Dr. Rick Wilson: Less than 4 mm Hg of fluctuation is normal. Glaucoma patients who are not treated with medication that dampens the swing of IOP average fluctuation of around 11 mm Hg. That is clearly more difficult for the eye to handle.
P: Are you saying that in untreated glaucomatous eyes, regardless of blood pressure, there is an average variation in IOP of 11 mm Hg over a given amount of time?
Dr. Rick Wilson: Yes, over a 24-hour period.
P: In pigmentary glaucoma (which I have), I had always associated a fluctuation in IOP of around 11 mm Hg. Is it even higher than, or is it now thought to be no higher than, fluctuation in the other glaucomas?
Dr. Rick Wilson: I would guess the fluctuation seen in pigmentary glaucoma is similar to that of open-angle glaucoma, except when there is enough movement of the iris (from impact exercise or dilation of the pupil) to liberate a storm of pigment. The pigment then blocks the trabecular meshwork and can cause rises in IOP of 10 to 40 mm Hg.
P: What is the pattern of eye pressure during the day and night?
Dr. Rick Wilson: More people have their highest IOP in the morning than have it in the afternoon. Many have their highest IOPs near the time they awaken. One patient in Chicago has a drop in IOP of 18 mm Hg during the first half hour of being awake in the morning.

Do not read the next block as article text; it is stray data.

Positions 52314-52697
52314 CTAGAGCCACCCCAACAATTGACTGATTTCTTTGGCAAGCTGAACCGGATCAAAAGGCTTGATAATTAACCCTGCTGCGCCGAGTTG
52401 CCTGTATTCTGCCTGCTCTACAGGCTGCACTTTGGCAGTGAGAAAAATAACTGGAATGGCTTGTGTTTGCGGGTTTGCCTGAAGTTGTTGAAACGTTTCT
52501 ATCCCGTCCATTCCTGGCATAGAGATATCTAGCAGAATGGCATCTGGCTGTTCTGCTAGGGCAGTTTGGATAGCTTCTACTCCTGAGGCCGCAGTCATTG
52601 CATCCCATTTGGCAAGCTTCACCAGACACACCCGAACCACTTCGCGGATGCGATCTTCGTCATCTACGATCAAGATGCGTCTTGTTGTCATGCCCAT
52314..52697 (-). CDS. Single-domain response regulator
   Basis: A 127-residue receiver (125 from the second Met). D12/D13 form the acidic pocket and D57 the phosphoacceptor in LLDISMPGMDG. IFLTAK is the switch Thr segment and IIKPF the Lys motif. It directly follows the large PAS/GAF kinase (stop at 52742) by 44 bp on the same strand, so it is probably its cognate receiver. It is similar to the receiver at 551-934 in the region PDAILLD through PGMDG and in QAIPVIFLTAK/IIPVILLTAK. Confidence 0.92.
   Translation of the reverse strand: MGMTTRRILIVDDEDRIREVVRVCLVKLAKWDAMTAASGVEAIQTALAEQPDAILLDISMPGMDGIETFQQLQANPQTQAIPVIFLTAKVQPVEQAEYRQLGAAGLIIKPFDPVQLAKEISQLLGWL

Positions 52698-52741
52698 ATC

P: Is it true that prostaglandins are especially effective because they dampen fluctuations in IOP?
Dr. Rick Wilson: Since it now seems that fluctuating IOP is a risk factor for glaucoma progression, it makes sense to use the medication that flattens the diurnal curve of IOP as much as possible. Prostaglandins are the best at that.
P: What is a diurnal curve?
Dr. Rick Wilson: We have diurnal (relating to or occurring in a 24-hour period) curves of almost all physiologic functions such as IOP, serum cortisol, temperature, etc. It has been said that different diurnal curves of temperature, activity, and alertness break up more marriages than any other single factor, e.g., the husband is a morning person and the wife is a night owl.
P: Are fluctuating IOPs a greater risk factor in open- or closed-angle glaucoma, or is it the same for both?